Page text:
Saturday, September 28, 2013

Enjoying Coffee Can Ice Cream with the Quilters' Book Club

Snow Churn Quilt Block

If you enjoyed the idea of Ice Cream in a Bag described in The Goodbye Quilt by Susan Wiggs, I think you'll enjoy this similar recipe for Coffee Can Ice Cream.  Especially fun for children and grandchildren!

Coffee Can Ice Cream
1-1/2 cups heavy whipping cream
2 teaspoons vanilla
¼ cup sugar
1-pound coffee can with lid
Plastic wrap
Sturdy rubber band
3-pound coffee can with lid
Crushed ice
Box of salt

1.  Mix together the whipping cream, vanilla, and sugar.  Pour this into the 1-pound coffee can.  The can should be about ¾ full.  If it isn’t, you can stir in more whipping cream.
2.  Put the top on tightly.  Cover it with a piece of plastic wrap held by a rubber band.
3.  Set the 1-pound can in the center of the 3-pound can.  Put a layer of crushed ice about 2 inches thick in the  bottom of the large can around the small can.  Then sprinkle ¼ cup of salt on top of the ice.  Continue layering the ice and salt until the can is almost full.  Put the top on the can. 
4.  Sit on the floor and roll the can back and forth with a partner.  In 15 minutes, check the ice cream by carefully opening the inside can.  Be careful not to get any of the salt water in the ice cream.
5.  When the ice cream is frozen, enjoy it!

While you're enjoying your ice cream, let's discuss the quilt that Linda is making for her daughter Molly in The Goodbye Quilt by Susan Wiggs.  What did you think of how the quilt itself ended up in this story?  As a quilter, does it seem like a realistic ending to you?  Inquiring minds want to know!  Answer in the comment section below.  If you are reading via email, you must first click on the blog title to be able to comment and read the comments of others.  

By commenting, you are entering your name in a give-away for a copy of The Double Wedding Ring by Clare O'Donohue, courtesy of Plume Books.  There will be two lucky winners this month!   

You might also enjoy reading my previous blog post here.


  1. I'm not sure what I think. I wouldn't want to refuse a quilt someone was giving me, but it really was about the Mom's memories.

  2. We already had clues throughout the book that the daughter had no interest in the quilt as far as a deep meaning to her. All those clues were telling us how deep the feelings the mother had for all the items she was putting in the quilt from the fabrics to the doodads. Like the fabric from her own mothers square dancing costume even. This quilt was definitely made by Linda for Linda without doubt in my mind. I was so happy to read that the daughter knew that too in the book. The daughter was even wise enough to know that a quilt with all the intricate work in it did not belong in a dorm room where wild things were bound to happen and ruin it. I was happy the quilt went back home with Linda where it belonged. When the daughter gets older, then she will be happy to inherit the quilt with the memories of her mother making it and what it meant to her mother.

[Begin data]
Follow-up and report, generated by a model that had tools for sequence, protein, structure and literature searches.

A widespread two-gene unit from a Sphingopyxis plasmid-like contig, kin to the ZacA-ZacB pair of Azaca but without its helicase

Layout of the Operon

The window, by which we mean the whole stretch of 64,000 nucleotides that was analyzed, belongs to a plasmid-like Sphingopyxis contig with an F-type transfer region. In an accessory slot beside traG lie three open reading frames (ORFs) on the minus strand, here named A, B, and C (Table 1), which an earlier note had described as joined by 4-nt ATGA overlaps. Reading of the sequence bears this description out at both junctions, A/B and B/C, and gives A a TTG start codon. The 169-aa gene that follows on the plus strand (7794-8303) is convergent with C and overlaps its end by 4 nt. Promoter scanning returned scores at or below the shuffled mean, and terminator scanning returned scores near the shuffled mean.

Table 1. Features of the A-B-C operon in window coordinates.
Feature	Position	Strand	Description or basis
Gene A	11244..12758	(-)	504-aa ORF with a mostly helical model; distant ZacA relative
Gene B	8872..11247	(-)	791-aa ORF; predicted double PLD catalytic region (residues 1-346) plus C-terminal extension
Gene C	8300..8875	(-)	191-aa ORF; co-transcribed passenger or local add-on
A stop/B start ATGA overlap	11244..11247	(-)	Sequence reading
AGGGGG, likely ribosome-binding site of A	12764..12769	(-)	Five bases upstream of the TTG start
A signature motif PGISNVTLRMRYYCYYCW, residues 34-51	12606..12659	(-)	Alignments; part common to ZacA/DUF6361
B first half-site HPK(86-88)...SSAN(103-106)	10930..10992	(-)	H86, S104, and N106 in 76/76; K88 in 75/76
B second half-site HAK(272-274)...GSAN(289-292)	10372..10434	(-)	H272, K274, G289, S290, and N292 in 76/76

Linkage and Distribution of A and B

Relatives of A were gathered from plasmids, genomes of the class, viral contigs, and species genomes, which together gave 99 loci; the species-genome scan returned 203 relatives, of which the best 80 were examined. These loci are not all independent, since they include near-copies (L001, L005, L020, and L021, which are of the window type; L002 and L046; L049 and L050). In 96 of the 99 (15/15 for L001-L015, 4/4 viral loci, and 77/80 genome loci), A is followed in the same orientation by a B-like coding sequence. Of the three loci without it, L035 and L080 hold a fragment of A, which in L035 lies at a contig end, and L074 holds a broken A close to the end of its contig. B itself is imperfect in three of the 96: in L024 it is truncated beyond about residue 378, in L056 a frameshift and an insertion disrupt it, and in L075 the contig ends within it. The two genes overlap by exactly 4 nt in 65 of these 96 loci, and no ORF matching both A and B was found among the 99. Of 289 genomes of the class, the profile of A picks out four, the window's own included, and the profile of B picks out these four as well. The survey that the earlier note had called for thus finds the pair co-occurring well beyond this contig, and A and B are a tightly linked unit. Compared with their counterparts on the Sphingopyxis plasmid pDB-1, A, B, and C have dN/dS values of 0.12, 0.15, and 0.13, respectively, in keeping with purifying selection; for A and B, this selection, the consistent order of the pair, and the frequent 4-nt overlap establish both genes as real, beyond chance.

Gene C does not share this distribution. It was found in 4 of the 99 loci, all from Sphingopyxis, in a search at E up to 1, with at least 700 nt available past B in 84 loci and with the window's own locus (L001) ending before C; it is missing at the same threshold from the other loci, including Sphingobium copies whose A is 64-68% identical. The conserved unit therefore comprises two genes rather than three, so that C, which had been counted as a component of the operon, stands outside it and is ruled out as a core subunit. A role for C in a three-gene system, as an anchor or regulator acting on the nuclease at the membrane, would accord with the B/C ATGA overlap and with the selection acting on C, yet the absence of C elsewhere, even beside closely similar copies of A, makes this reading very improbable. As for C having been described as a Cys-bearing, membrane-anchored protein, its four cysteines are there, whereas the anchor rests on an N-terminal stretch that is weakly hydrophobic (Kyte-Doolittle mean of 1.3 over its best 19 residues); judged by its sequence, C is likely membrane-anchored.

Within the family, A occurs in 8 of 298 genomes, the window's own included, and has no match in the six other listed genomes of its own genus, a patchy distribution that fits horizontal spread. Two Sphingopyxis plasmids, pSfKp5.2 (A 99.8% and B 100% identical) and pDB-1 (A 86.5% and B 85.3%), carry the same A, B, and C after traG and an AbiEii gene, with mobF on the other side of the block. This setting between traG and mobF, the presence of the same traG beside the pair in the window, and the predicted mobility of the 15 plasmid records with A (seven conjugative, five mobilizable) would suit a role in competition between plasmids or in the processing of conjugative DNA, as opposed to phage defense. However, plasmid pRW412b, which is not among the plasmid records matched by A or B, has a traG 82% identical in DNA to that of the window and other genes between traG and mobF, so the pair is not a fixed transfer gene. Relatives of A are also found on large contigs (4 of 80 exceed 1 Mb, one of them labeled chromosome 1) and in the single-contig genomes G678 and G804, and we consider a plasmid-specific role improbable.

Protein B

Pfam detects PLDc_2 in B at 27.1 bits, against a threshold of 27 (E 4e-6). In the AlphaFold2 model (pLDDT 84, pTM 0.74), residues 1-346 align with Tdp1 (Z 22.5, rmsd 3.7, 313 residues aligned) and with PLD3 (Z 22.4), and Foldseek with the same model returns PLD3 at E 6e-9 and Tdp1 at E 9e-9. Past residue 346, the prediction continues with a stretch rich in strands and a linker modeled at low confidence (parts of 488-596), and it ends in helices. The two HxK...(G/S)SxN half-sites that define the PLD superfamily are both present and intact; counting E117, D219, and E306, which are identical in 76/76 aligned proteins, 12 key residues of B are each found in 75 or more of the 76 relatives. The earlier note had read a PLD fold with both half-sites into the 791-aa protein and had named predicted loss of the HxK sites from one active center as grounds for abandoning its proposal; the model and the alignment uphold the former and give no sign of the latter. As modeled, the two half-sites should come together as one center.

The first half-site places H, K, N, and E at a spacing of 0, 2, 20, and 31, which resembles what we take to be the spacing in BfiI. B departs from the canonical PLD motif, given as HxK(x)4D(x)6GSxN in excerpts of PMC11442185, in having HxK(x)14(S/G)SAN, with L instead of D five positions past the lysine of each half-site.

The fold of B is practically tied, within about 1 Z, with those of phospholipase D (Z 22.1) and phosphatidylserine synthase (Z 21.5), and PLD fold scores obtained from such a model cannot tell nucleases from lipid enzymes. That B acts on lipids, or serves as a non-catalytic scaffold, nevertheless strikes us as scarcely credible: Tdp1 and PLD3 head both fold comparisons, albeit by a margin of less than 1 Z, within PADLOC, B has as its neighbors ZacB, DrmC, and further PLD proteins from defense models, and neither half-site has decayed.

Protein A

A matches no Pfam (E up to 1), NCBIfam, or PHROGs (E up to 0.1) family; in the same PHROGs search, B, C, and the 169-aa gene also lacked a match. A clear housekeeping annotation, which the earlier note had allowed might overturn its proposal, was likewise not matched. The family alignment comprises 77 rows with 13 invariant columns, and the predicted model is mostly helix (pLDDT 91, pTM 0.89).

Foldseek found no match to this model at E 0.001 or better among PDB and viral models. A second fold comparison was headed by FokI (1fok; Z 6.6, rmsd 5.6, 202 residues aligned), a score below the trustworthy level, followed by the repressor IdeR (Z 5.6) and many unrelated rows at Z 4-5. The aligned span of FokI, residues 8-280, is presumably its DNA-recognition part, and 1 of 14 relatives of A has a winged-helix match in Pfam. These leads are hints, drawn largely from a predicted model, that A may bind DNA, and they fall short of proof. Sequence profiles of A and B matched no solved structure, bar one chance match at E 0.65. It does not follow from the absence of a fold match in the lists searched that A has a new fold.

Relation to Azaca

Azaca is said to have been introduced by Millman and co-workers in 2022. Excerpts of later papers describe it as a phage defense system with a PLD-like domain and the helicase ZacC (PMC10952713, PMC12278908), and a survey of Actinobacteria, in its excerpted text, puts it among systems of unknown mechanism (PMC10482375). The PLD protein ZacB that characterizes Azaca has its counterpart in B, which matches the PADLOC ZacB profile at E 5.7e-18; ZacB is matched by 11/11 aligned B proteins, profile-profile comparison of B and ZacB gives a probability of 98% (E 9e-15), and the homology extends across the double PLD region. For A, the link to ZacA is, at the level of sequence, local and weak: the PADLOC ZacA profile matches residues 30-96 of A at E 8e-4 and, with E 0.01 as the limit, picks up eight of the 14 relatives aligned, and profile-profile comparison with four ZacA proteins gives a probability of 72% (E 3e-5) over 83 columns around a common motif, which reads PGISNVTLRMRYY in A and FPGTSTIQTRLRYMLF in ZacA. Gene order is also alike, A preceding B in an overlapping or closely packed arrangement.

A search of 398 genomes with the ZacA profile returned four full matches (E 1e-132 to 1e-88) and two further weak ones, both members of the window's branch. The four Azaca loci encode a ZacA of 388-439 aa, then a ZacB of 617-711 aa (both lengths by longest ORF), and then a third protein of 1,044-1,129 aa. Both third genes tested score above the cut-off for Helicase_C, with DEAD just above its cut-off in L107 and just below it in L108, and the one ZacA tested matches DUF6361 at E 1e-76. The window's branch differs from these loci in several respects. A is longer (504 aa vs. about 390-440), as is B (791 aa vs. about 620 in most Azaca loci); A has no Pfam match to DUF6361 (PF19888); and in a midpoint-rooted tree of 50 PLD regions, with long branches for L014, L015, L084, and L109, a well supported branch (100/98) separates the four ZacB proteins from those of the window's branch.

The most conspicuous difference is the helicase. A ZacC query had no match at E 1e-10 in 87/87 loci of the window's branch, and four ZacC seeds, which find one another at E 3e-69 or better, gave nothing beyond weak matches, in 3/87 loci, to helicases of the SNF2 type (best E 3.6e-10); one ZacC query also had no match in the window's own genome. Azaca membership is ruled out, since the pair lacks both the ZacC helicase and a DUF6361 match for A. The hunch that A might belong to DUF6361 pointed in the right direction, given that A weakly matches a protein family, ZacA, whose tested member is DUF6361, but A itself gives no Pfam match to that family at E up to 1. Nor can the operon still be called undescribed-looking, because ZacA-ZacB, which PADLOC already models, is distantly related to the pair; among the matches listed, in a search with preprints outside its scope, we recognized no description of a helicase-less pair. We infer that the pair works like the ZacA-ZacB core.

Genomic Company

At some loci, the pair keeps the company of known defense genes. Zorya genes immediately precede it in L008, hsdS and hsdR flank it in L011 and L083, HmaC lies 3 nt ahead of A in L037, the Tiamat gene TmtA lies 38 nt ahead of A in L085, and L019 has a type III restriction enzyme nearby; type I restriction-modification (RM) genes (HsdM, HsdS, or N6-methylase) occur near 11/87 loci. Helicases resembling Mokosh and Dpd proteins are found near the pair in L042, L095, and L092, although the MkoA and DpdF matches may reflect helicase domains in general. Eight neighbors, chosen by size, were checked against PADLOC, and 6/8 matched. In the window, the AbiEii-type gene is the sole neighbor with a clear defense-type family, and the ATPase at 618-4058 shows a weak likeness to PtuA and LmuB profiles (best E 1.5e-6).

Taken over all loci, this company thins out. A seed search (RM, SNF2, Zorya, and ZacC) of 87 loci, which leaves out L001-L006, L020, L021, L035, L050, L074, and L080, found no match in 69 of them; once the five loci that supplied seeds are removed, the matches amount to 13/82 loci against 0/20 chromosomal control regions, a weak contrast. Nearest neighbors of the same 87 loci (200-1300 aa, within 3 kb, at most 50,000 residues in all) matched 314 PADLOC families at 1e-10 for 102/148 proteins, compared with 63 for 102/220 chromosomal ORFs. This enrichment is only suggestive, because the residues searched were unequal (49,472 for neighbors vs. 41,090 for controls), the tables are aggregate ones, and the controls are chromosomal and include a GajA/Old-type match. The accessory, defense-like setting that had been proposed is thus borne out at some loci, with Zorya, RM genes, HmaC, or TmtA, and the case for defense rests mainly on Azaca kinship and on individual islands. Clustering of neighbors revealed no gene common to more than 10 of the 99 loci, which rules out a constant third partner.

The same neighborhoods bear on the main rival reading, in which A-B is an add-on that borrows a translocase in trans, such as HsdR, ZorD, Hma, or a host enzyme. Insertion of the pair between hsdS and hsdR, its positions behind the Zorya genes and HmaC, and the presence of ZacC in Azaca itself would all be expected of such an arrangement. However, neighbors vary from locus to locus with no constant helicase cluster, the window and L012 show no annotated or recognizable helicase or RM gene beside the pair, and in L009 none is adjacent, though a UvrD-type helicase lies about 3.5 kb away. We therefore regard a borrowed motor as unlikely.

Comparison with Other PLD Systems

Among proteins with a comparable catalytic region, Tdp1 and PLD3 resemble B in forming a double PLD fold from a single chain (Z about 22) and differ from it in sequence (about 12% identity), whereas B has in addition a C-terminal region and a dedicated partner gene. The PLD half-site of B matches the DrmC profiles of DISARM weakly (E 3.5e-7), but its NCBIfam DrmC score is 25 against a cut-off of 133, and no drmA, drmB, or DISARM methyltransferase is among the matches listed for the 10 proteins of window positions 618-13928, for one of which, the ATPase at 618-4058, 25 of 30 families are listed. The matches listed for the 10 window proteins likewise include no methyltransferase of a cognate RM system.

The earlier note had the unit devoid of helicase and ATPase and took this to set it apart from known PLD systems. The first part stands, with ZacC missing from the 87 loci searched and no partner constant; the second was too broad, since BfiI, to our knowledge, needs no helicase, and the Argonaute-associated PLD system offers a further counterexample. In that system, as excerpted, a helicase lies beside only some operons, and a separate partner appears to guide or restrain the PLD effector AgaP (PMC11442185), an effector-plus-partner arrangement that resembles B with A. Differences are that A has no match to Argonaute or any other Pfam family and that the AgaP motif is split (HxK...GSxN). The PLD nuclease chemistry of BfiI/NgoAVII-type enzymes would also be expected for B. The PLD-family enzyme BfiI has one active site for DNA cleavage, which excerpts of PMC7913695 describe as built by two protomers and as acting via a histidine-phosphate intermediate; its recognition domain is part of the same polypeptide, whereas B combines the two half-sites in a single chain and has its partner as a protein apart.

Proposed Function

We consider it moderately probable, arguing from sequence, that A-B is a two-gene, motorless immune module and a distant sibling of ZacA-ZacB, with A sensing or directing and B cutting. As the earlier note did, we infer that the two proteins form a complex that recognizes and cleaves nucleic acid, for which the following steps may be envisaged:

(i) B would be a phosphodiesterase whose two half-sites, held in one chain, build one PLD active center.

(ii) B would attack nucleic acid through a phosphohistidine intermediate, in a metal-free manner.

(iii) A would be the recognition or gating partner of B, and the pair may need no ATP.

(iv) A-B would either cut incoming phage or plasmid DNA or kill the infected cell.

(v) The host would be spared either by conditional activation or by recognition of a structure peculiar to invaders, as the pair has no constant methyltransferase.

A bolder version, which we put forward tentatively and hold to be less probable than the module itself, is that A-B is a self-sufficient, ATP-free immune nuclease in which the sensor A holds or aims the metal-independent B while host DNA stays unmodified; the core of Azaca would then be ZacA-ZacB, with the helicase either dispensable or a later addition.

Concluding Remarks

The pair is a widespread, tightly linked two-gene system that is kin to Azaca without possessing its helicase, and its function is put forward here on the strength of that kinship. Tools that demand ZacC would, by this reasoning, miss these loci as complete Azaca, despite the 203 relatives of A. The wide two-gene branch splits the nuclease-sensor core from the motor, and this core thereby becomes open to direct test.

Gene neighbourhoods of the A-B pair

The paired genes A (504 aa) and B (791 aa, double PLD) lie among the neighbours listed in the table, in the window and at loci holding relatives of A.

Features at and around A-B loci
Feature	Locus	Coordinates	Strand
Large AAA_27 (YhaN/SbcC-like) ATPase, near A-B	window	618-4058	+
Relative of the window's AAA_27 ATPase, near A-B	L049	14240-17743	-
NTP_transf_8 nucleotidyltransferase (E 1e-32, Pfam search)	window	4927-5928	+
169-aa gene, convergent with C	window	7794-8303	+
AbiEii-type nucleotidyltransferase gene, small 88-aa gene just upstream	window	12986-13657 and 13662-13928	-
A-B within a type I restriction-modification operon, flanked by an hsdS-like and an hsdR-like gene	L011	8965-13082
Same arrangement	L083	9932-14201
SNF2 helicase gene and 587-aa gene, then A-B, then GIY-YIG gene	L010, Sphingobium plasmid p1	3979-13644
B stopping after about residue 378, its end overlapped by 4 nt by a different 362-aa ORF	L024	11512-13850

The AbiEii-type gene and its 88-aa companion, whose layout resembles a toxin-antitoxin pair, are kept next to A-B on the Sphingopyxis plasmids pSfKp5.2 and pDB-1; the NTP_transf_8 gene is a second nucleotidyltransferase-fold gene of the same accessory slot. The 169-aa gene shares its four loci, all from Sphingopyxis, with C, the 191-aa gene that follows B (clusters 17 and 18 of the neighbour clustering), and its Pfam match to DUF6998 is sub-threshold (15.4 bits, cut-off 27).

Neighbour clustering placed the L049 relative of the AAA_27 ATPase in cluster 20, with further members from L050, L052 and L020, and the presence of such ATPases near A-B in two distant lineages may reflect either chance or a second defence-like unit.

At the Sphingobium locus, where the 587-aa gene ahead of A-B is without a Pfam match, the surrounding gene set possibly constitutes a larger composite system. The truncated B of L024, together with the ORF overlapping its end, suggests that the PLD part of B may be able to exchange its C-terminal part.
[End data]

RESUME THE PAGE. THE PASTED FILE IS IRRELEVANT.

3. I can add nothing to the above comments. If one of my kids wanted a memory quilt, it would be up to them to pick the memories. My son has a patch blanket with old badges and patches from his Scouting days and the one memory quilt I made, the kids can play "I Spy" saying, there is a piece of my Halloween costume or my first party dress. Of course since we tend to re-cycle clothing, the memories go a bit farther.

  4. My mom has made a quilt for each of her grandchildren when they graduate from high school. They are made of 5" squares of fabric that either reflects the grandchild's interests or are scraps from their clothes. They are made to stand up to college dorm washing machines! I can't really imagine a quilter making the quilt that Linda made for her daughter Molly to take to college. It felt more like a quilt that was meant to be looked at but not really used. On the other hand, I can't imagine a daughter who has grown up with a mother for a quilter and knows how much work is involved in making a quilt would refuse the quilt. She might tell her mom to keep it at home so it doesn't get ruined, but I can't imagine her refusing the quilt. The whole quilt part of the book didn't seem very realistic to me. The author is not a quilter, and this felt apparent to me in the book.

  5. I think that Linda didn't realize it but she was actually making the quilt for herself as a memory of her life with Molly. Molly, on the other hand, even though the pieces had meaning, knew that she would now be creating her own memories. Adults want to retain their grip on the past; maybe correct what they perceive as mistakes or revel in their success. Young people intuit that there are experiences, people, and places that will provide meaning for their lives as well.
    Molly demonstrated a great deal of maturity in giving the quilt to her mother. Realizing that each piece of fabric held a special place in her mothers heart she created a plausible reason for not taking the quilt with her and thereby leaving an important piece of herself for Linda to treasure.
    A quilter once told me that when you give a quilt away it is not yours any more and you cannot complain about what the recipient does or doesn't do with it. In the case of Linda and Molly, wouldn't it have been difficult for her mother if Molly had taken the quilt and something had happened to it?

  6. I agree with the comments about the idea of Linda keeping the quilt safe and enjoying the memories with the probability that Molly would one day inherit the quilt. The description of the making of the quilt had me wondering how it could ever be safe in a dorm. I was glad in the end it stayed with Linda.
    I love coffee icecream & your idea for making it. The block is precious & another block I will enjoy making.


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